A NEW writing prize inspired by the work of Nan Shepherd has been launched by the leading publisher Canongate, with the Nan Shepherd Estate and the University of Aberdeen.

The winner of the Nan Shepherd Prize for Nature Writing will receive a book deal with Canongate, including an advance of £10,000, and the option of literary representation with Jenny Brown Associates.

It opens for entries on 24 June.

Applications are restricted, however, to previously unpublished writers "who consider themselves underrepresented in nature writing, be that through ethnicity, disability, class, gender, sexuality or any other circumstances."

The prize will be judged by a panel comprising Amy Liptrot, author of The Outrun, literary agent Jenny Brown, Chitra Ramaswamy, author of Expecting and Nick Barley, Director of the Edinburgh International Book Festival. Canongate Publishing Director Francis Bickmore will act as chair.

Entrants are asked to submit a one-page synopsis and sample chapters totalling no more than 10,000 words, along with chapter outlines and a biographical note.

Submissions will be accepted until 10 September, with the winner announced in November.

Erlend Clouston of the Nan Shepherd estate said: "Bravo, Canongate. In these dark days when we are re-assessing our relationship with the Earth, each other, and, to be frank, common morality, the more honest, original thinking applied to our place in the universe the better. Nan would be proud to be associated with this project."

Aberdeen University, from which Shepherd was an early graduate, will offer the Nan Shepherd Prize for Younger Writers.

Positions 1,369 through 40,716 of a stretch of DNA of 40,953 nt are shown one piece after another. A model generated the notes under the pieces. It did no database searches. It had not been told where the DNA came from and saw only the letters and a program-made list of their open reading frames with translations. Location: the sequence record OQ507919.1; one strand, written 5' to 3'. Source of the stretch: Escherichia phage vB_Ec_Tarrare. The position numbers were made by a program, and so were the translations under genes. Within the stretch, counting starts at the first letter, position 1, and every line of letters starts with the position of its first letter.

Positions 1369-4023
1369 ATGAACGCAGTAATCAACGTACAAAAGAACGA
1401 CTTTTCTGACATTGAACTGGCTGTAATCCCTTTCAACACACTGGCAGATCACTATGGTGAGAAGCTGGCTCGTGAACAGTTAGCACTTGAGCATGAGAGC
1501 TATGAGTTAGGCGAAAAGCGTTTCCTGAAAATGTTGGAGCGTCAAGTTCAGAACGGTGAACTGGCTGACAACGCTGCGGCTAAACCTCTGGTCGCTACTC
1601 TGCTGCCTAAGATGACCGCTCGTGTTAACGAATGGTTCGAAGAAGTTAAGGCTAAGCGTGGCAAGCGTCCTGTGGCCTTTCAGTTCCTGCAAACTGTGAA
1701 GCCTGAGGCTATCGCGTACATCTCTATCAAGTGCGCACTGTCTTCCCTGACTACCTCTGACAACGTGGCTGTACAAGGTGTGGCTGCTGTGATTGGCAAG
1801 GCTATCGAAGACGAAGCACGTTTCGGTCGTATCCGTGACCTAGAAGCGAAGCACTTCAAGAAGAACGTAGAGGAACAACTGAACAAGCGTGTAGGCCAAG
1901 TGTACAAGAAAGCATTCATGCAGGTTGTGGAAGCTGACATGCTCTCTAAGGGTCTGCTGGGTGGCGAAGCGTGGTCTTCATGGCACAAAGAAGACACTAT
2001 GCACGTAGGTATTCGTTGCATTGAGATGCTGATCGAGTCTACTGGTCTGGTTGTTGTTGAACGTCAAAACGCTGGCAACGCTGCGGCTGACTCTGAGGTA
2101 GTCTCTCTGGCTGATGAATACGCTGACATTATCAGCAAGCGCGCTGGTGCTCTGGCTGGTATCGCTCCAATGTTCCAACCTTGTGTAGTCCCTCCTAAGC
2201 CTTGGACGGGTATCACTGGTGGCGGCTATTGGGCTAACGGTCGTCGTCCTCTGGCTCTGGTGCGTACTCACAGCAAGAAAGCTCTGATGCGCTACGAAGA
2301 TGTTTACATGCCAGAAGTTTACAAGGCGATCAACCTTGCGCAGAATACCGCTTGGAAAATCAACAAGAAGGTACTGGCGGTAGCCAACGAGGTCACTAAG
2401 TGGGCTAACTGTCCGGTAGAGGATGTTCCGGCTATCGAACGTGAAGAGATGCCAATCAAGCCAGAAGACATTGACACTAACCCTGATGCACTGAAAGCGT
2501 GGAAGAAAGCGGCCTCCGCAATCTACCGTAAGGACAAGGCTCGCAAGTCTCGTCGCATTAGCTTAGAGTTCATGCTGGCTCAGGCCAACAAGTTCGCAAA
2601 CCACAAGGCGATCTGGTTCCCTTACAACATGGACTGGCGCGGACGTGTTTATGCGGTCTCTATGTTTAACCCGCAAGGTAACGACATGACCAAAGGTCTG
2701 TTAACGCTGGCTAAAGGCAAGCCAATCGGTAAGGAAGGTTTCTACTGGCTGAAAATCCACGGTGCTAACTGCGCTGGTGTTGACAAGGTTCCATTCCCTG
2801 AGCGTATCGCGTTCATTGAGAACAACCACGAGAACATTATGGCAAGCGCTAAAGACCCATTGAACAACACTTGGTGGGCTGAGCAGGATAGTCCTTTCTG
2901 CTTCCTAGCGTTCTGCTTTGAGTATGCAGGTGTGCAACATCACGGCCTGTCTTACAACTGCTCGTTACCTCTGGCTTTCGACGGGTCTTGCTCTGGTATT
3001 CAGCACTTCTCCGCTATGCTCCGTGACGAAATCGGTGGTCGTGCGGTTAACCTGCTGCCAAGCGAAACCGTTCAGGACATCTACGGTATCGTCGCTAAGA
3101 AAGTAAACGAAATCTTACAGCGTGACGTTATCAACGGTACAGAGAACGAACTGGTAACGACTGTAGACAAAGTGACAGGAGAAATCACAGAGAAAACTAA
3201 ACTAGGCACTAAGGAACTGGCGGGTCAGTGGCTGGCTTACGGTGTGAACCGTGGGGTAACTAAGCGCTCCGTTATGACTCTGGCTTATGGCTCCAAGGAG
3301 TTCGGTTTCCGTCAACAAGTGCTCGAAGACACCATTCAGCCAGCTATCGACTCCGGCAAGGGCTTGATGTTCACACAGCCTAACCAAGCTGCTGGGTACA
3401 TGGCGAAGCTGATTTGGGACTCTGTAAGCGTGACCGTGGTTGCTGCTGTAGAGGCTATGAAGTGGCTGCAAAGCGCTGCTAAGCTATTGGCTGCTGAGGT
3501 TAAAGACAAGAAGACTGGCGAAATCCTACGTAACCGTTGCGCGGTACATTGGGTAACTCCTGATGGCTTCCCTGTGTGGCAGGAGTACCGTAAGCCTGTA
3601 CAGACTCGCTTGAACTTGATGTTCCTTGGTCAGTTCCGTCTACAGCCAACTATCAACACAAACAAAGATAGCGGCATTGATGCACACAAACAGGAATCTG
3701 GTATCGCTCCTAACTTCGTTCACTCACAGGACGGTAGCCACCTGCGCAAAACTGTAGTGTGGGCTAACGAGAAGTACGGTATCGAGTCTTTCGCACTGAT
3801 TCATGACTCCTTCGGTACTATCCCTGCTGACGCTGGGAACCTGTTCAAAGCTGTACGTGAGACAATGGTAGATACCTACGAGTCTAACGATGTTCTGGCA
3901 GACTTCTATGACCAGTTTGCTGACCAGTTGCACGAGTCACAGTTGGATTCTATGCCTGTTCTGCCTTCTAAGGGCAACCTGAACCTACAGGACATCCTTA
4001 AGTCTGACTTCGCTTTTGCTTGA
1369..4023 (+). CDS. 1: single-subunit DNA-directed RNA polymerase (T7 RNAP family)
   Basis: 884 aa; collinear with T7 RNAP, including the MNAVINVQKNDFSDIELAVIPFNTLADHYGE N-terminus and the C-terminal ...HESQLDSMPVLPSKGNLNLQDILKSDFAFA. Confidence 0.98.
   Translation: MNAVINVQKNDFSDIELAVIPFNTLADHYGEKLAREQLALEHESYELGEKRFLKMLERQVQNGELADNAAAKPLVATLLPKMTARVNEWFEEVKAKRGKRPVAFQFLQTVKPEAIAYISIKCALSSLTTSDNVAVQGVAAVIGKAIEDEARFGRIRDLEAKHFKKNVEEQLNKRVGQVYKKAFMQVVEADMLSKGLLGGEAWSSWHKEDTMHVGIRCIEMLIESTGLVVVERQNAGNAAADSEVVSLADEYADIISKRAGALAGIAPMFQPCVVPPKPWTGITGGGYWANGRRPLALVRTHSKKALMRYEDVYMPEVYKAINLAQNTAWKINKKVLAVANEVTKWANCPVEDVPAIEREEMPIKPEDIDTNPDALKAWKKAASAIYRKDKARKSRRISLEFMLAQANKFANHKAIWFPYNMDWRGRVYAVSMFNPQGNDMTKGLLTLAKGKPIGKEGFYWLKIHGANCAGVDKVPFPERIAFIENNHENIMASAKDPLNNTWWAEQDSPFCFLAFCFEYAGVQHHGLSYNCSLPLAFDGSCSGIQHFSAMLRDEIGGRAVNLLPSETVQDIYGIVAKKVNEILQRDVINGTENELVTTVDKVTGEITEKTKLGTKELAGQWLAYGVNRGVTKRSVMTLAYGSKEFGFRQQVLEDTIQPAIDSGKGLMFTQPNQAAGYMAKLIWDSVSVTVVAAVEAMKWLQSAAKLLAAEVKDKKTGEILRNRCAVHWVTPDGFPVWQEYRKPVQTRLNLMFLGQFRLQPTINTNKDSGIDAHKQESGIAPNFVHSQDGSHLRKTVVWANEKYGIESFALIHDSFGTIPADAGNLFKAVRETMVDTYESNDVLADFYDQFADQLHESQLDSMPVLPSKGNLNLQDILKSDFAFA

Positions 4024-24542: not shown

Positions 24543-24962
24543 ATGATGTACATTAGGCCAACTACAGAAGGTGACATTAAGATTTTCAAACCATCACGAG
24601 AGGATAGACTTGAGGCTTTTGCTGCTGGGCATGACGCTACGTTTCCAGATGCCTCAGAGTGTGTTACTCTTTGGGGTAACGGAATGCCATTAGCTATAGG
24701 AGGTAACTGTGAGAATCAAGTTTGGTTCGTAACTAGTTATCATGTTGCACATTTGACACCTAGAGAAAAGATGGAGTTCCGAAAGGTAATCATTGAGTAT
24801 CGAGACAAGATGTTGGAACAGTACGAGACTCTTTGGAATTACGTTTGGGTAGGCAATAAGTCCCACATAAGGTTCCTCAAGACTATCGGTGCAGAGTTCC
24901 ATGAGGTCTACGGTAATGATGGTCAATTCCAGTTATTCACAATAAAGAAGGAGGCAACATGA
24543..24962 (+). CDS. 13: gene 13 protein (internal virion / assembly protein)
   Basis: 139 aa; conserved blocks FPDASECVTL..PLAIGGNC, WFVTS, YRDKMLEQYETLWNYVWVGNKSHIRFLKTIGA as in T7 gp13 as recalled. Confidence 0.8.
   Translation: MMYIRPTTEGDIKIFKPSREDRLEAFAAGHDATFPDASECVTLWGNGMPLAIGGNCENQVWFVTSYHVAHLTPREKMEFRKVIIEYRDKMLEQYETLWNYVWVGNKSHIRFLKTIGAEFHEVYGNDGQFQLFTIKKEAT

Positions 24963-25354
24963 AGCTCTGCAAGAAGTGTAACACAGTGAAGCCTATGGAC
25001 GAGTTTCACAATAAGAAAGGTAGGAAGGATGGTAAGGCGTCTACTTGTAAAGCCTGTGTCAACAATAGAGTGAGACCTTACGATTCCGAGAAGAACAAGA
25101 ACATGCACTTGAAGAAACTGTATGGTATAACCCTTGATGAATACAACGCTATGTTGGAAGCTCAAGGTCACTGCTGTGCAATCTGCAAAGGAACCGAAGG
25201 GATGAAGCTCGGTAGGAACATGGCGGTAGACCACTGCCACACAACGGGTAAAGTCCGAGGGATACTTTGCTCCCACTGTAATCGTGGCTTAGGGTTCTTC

A ONE-off rehearsed reading of David Harrower's Knives in Hens is to be performed at the Royal Lyceum Theatre in Edinburgh to raise money for the Pauline Knowles Scholarship Fund.

The fund, at the Royal Conservatoire of Scotland, will benefit from the show on 11 June, which will be performed by 25 actresses in the role of Young Woman.

Reuniting many of the original team from the acclaimed 1995 production, the performance will be in tribute to the late Pauline Knowles, who "embodied the lead role of Young Woman."

Lewis Howden and Michael Nardone will reprise their roles as Pony William and Gilbert Horn respectively

The fund will support a Scottish or Scotland-based BA Acting student throughout their training at the Conservatoire and help relieve the burden of the expenses of a Higher Education degree

With twenty five women - from Royal Conservatoire of Scotland students Shyvonne Ahmmad and Natalie Mitson, to celebrated Scottish actresses including Sally Reid, Gabriel Quigley and Nicola Roy, to Margaret Bennett, mother of Martyn Bennett who wrote the original score for the production - playing the central role of the Young Woman, together and independently, the production further includes the live performance of the Mr McFall’s Chamber arrangements of Martyn Bennett’s music, first developed in 2005.

Knives in Hens was first produced in 1995 at the Traverse Theatre before transferring to the Bush Theatre, London.

Since then, the play has been produced across the world and translated into more than twenty-five languages.


Scottish Youth Theatre have received funding to develop, stage and tour An Act of Repair, a new production about Brexit.

Directed by Brian Ferguson, An Act of Repair will feature a group of 20 young actors between 16–25 years, and will tour across Scotland "raising awareness of Scottish Youth Theatre and encouraging aspiring young actors to become involved, regardless of background or circumstance."

Mahri Reilly, creative producer of Scottish Youth Theatre said: "We are delighted to have been awarded Creative Scotland Open Project Funding for the production and tour of Act of Repair.

"This major financial investment will enable us to realise the scale and ambition of the country’s only national touring company for young artists who have something to say, as we continue to drive our new National Artistic Programme and cultivate the next generation of Scottish theatre makers, innovators and activists."

The project is one of 42 projects across Scotland sharing £800,000 in Open Project Funding from Creative Scotland.

Each received between £1,000 and £100,000 to develop their projects.